I think it’s safe to say that food has the unique capacity to nourish the body as well as relationships of all sorts.
During lunch with a friend not long ago, our lunch included among other things a tasty Amish potato salad which was made with chunks of potato with easy blending to leave good amounts of the potato structure intact. Based on its flavor profile, I do believe that the traditional Amish recipe was followed.
As the meal progressed, my friend looked up and said, “While this is a good potato salad, my mama made the best I have ever eaten. Hers was creamy and had a yellow tint to it.” He went on to share memories about his sweet mother and how well she treated him. He is confident that he was her favorite child.
The stories progressed to when he was invited to a Homecoming at the Hinshaw Baptist Church. As is tradition, there were all sorts of good foods to enjoy, including a potato salad that appeared to be creamy and had a familiar yellow tint to it.
With modest expectations, he spooned out a good helping and when he set down to eat, was instantly flooded with memories of his mama’s potato salad. He could not believe what he was tasting. He immediately went on a search to find the maker of the dish that had stirred so many memories.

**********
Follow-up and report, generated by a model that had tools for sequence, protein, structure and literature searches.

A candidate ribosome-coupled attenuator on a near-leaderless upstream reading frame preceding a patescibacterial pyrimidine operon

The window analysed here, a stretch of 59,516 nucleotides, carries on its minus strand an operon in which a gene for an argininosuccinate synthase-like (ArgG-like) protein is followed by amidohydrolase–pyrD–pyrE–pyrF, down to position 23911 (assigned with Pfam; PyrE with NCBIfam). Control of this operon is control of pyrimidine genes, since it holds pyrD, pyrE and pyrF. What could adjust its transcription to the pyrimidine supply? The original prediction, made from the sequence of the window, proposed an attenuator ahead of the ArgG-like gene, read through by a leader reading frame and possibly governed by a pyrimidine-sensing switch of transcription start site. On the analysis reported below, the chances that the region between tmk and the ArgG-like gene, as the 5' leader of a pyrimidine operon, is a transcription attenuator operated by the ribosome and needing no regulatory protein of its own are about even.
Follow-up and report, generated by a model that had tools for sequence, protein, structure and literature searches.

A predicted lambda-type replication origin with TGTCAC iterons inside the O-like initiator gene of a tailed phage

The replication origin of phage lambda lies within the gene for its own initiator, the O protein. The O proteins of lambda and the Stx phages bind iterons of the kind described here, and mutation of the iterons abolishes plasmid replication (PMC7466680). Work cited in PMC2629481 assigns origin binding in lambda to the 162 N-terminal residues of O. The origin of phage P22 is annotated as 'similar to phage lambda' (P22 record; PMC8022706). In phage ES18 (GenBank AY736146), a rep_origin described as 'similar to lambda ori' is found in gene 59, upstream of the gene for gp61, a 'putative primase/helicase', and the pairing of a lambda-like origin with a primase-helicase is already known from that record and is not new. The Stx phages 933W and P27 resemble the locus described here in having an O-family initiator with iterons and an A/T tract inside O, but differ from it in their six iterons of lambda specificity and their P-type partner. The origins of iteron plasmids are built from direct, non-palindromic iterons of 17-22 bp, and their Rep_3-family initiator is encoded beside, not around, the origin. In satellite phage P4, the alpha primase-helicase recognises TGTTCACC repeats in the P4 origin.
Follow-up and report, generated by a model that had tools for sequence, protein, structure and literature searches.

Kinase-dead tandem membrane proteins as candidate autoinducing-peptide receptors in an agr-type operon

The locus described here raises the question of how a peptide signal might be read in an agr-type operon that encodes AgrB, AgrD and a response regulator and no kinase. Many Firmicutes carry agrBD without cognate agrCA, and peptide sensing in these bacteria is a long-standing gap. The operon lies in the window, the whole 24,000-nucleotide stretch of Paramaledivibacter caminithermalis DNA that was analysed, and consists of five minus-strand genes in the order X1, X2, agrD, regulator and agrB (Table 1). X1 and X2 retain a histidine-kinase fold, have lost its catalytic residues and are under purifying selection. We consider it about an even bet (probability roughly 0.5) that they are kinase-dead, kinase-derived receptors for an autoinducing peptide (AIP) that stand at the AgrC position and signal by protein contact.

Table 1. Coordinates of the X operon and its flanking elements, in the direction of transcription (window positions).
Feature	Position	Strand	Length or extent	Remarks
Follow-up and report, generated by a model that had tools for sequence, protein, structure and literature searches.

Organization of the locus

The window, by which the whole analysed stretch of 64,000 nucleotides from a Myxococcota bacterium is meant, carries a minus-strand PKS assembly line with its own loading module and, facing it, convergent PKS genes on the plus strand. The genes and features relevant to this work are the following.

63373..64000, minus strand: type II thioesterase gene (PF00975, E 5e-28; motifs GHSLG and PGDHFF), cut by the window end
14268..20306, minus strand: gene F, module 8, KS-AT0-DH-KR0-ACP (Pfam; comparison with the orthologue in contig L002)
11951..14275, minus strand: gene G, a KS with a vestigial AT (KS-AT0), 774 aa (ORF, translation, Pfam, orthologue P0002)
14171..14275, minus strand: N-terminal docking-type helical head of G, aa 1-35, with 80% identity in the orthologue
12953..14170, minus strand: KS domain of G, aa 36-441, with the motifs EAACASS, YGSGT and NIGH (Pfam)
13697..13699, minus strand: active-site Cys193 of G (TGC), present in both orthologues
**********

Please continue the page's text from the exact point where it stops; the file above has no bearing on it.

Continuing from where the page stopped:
He found her and to his delight she not only knew his mother but had learned from her how to make that creamy potato salad that featured a hint of yellow mustard for flavor and color.
The maker could not have been more pleased to know that a recipe learned long ago, brought forward such wonderful and meaningful memories on that day.
I attended an event not long ago where the Appalachian Song Writer, Singer and Storyteller William Ritter presented a program titled “Songs, Stories and Seeds.”
I had met Will several years prior during a gathering of the storyteller’s series “Liars Bench” which was being hosted at Western Carolina University. The series was produced by the renowned and colorful storyteller Gary Carden. We had cameras rolling for the evening and it was a great event.
On this day, however, he shared stories about Appalachian inspired music and the not so talked about seed sharing system of the Appalachian Region.
Much of Will’s talk was around the culture of seed sharing and some of the music was about the same thing. I loved his story about “Leather Britches” and the song he penned titled “Greasy Beans.”
I liked the “Leather Britches” because they brought back memories of my grandparents stringing the beans on a thread and hanging them to dry. In the cooler months when fresh beans were not growing, they were rehydrated and cooked. They have a very different flavor; some folks like them and some do not. I like them because of the memory. They are hard to find these days because it’s easy to get fresh food year-round. However, there are some folks who still make them.
Will’s song about “Greasy Beans” talks about the love people have for the unique aspects of the bean. The plants run long, and the beans are best eaten big and plump.
After Will’s program, we sat and talked about music, heirloom seed sharing, and good mountain stories for about three hours. It was a good time and it all started around food memories.
When I think about all the great conversations I have had around food, I am confident that if food or a good beverage were not involved, the visits would have been much shorter. Sometimes a quick visit is good, but often, a little lingering is much better.